The House of Representatives has impeached the president of the United States. In any other era, this would be a big deal.
Only the current Democratic Party could take that perceived political victory and come out a surefire loser. But House Speaker Nancy Pelosi has managed to do just that, snatching a defeat from the jaws of victory by following the sheer bananas-crazy plan of Harvard Law professor Laurence Tribe.
My last column covered how Tribe’s plan, to impeach but withhold the articles from the Senate, is wrong both politically and legally. Today, however, what I want to show you a second irony: The only way Tribe and Democrats are correct — that they can impeach Donald Trump and delay a trial — is if Donald Trump hasn’t technically been impeached.
Two law professors made this point to Tribe, Pelosi, and Democrats. The first was Noah Feldman, who you may remember as one of the constitutional law scholars who Democrats called to testify before the House Judiciary Committee in support of Trump’s impeachment
Feldman, a Harvard Law professor like Tribe, wrote a column for Bloomberg asserting that Donald Trump can’t be impeached until the articles from the House are delivered to the Senate. The money quote:
If the House does not communicate its impeachment to the Senate, it hasn’t actually impeached the president. If the articles are not transmitted, Trump could legitimately say that he wasn’t truly impeached at all.
(That noise you hear right now is Senate Majority Leader Mitch McConnell rolling around on the floor, gasping for breath from laughing so hard.)
That’s right, Feldman says this gambit by Tribe and Pelosi means that Donald Trump hasn’t legally been impeached.
If you’re confused, perhaps some backstory is in order. Keith Whittington, a professor of politics at Princeton, wrote a series of posts on the history of impeachment, both in the U.S. Congress and across the states. He covered everything, from the very beginnings — the founding of the country — to the present.
According to Whittington, up until 1904, impeachment was the act of the House announcing to the Senate its decision to impeach — in the present tense. As Whittington puts it:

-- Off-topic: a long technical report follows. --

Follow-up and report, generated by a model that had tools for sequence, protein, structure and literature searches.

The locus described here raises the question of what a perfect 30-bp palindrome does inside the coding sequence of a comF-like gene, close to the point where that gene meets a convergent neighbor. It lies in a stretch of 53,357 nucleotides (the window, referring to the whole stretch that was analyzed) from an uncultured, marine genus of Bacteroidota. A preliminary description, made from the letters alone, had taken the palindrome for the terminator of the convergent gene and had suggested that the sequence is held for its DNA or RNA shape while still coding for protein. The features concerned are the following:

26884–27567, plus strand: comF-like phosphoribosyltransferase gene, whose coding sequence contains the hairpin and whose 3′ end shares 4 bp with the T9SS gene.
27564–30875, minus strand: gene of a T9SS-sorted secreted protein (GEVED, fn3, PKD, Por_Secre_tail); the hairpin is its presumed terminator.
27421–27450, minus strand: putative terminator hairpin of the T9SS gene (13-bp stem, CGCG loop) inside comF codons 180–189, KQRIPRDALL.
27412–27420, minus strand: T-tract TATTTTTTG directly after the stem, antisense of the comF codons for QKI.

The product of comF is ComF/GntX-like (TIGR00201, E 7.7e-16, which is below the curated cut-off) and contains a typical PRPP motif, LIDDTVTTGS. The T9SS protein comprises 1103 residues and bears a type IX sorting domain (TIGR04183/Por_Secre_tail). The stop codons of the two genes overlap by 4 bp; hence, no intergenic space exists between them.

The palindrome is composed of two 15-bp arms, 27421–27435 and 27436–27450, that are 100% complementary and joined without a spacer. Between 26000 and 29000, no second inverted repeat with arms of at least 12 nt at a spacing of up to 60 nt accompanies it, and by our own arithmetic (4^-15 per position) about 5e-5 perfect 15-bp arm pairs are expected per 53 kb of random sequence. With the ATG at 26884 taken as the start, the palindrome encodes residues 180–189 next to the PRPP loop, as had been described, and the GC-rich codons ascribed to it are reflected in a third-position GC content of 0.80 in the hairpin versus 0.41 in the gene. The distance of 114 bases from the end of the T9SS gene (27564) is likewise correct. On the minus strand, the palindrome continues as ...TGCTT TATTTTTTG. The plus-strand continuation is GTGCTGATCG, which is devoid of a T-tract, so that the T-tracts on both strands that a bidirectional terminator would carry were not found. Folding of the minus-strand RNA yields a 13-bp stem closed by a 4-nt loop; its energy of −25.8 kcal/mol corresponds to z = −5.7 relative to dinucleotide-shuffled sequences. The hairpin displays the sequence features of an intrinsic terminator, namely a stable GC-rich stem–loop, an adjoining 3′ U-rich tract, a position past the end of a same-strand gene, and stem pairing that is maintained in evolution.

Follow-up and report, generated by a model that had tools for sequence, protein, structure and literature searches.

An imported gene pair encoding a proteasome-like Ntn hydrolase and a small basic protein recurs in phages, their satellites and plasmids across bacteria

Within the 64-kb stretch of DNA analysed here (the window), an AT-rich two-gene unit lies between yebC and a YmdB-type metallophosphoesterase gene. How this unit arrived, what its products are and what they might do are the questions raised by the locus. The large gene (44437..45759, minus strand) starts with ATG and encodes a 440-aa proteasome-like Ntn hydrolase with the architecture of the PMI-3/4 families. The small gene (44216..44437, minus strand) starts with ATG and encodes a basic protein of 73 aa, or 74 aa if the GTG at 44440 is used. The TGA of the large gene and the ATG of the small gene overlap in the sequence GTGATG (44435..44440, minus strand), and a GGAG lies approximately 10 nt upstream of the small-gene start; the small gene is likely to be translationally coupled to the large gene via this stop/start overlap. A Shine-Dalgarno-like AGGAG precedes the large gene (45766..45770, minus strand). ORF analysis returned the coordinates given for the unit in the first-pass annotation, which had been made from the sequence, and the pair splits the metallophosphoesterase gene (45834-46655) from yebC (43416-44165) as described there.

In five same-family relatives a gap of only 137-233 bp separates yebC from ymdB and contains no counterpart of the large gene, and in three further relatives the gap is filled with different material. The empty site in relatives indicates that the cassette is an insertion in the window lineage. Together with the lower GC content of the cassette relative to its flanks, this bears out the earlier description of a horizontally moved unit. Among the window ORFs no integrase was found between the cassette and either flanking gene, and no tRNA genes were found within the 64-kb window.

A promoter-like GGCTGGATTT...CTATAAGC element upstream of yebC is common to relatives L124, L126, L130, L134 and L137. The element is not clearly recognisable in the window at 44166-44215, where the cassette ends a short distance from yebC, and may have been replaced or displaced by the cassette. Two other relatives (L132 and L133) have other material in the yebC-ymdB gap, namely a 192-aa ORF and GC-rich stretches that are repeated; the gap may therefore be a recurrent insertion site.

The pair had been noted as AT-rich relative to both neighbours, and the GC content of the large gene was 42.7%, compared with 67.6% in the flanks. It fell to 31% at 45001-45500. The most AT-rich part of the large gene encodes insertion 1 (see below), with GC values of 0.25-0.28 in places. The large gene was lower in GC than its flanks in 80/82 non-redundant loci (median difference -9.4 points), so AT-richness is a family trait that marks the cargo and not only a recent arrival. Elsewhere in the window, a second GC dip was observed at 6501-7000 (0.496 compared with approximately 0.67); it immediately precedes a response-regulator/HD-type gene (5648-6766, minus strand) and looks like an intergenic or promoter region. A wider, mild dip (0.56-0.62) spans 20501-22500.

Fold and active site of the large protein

Up through 1904, an impeachment was an act performed by the House on the floor of the Senate. Since 1912, the Senate hears about an impeachment in the past tense.
The change is one of wording. Before 1912, the House would announce to the Senate in the present tense, saying, “We do impeach,” and then laying out the charges. That kind of wording from the House suggests that impeachment wasn’t complete until they had announced it to the Senate, and a trial could commence.
If you’re Laurence Tribe, this is great! It means you can withhold the articles of impeachment from the Senate to prevent a trial from happening.
But while you get what you want, you’ve also caused Donald Trump not to be impeached at all. No articles? No impeachment.
Indeed, Democrats are trying to gain leverage by giving Trump the very thing he wants: acquittal.
(Again — that’s more laughter coming from McConnell’s office.)
From 1912 forward, including in Bill Clinton’s impeachment, the House wording was different. As Whittington notes, the House shifted to past tense in their pronouncements to the Senate. They would say: “This House has impeached…”
In this formulation, it is assumed that the federal officer has already been impeached by the House. The declaration to the Senate is merely a formality; the Senate’s power is already active.
For Laurence Tribe and his Democrat comrades, this means that Donald Trump is — in fact — impeached, but they have no leverage over the Senate. If the announcement from the House is nothing more than a formality — a mere courtesy between chambers — then McConnell doesn’t have to wait on the House; he can play Democrats’ game, pretending that Trump hasn’t been impeached, all while knowing that he can end the charade any time he wants.
Heads, Trump and McConnell win; tails, Democrats lose. It’s a choose your own adventure story where all the endings in the Senate are the same.
For my part, I agree with the second way of reading it. Once the House impeaches, that’s all there is for the House to do, and everything shifts to the Senate. That’s the point I made in my last column, and I’m not alone.
Law professor Johnathan Turley, the legal scholar who Republicans called during the House Judiciary Committee debate over impeachment, agrees with me. He writes:
[T]his use of the articles as a bargaining chip is a departure from tradition and undermines the integrity of the process. It also contradicts the Democratic narrative that the House could not wait because this is a “crime in progress.” I argued that a little more time could greatly enhance this record. Now, having adopted articles of impeachment on a facially incomplete and insufficient record, the House suddenly has ample time to toy with the Senate on the transferral of the articles for trial.
Trump and McConnell hold all the cards — and all the power — in the Senate’s impeachment trial. Democrats are just playing political games, and undermining their pursuit of impeachment by playing them.
Donald Trump may have been impeached, but Democrats are doing everything in their power to make that look like an overly partisan process devoid of substance.
The White House and Republican Senate should stand out of Democrats’ way.